Rediscovering Broomhill (2016)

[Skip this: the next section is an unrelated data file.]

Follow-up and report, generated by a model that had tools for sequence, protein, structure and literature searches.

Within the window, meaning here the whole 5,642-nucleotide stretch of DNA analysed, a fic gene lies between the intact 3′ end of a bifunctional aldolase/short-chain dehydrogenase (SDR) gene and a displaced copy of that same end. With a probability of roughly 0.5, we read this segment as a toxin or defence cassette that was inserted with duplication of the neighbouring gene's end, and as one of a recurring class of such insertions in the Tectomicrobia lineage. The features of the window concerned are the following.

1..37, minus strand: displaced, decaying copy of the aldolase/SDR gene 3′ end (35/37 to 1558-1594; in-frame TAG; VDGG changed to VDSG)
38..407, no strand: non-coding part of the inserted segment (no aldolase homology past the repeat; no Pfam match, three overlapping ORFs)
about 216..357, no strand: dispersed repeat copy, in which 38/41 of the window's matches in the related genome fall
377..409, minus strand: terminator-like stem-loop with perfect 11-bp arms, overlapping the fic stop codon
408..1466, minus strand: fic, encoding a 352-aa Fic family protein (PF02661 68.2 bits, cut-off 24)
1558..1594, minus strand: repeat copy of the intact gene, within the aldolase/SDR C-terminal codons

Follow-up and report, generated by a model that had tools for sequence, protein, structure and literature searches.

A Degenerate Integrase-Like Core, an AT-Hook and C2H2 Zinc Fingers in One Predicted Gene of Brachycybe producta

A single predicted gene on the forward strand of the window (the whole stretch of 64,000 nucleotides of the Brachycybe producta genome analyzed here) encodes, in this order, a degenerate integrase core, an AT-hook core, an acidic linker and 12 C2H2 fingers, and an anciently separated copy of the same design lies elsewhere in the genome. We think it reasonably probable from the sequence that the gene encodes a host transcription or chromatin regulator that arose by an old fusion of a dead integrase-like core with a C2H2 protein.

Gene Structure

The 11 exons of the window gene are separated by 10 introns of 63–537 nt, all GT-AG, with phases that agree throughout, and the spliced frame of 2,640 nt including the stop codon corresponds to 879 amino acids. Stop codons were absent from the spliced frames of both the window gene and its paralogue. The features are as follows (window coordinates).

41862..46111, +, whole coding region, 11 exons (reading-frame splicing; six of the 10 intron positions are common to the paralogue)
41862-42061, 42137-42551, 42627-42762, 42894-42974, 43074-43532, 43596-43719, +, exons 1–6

Before Sighthill there was Fountainwell, and Broomhill. The former survived in the names used in the Sighthill estate for buildings and roads. The latter remained buried until re-development offered the opportunity of archaeological resurrection. Located in what was latterly Sighthill Park, the highest part of the area between the M8, Pinkston Road and the railway line was once the site of Broomhill House and Steading. Buildings are shown here on historic maps from the mid-18th century onwards, and in 2016 an archaeological excavation was carried out during redevelopment and construction work (Paton 2016). The excavation found that the original steading would have been a structure with a living area at one end, and a byre for animals at the other – a typical post-medieval farmstead building, which was later rebuilt. Broomhill House was built after 1842, when the estate sold some of their land for an expanding railway depot. This sale may have generated the funds used to build Broomhill House and expand the farm in the later 19th century. Despite later demolition and landscaping, the foundations and floors of the house survived, and archaeologists were able to establish that it was a sandstone mansion with thirteen rooms. Slate flagstones and expensive tiles used in the house suggest that a considerable amount of money had been spent on the house and farm at this time. The house had been demolished by 1975. In this image, taken during the excavation, we look from the south at the remains of Broomhill House. Demolition and development have a long history here.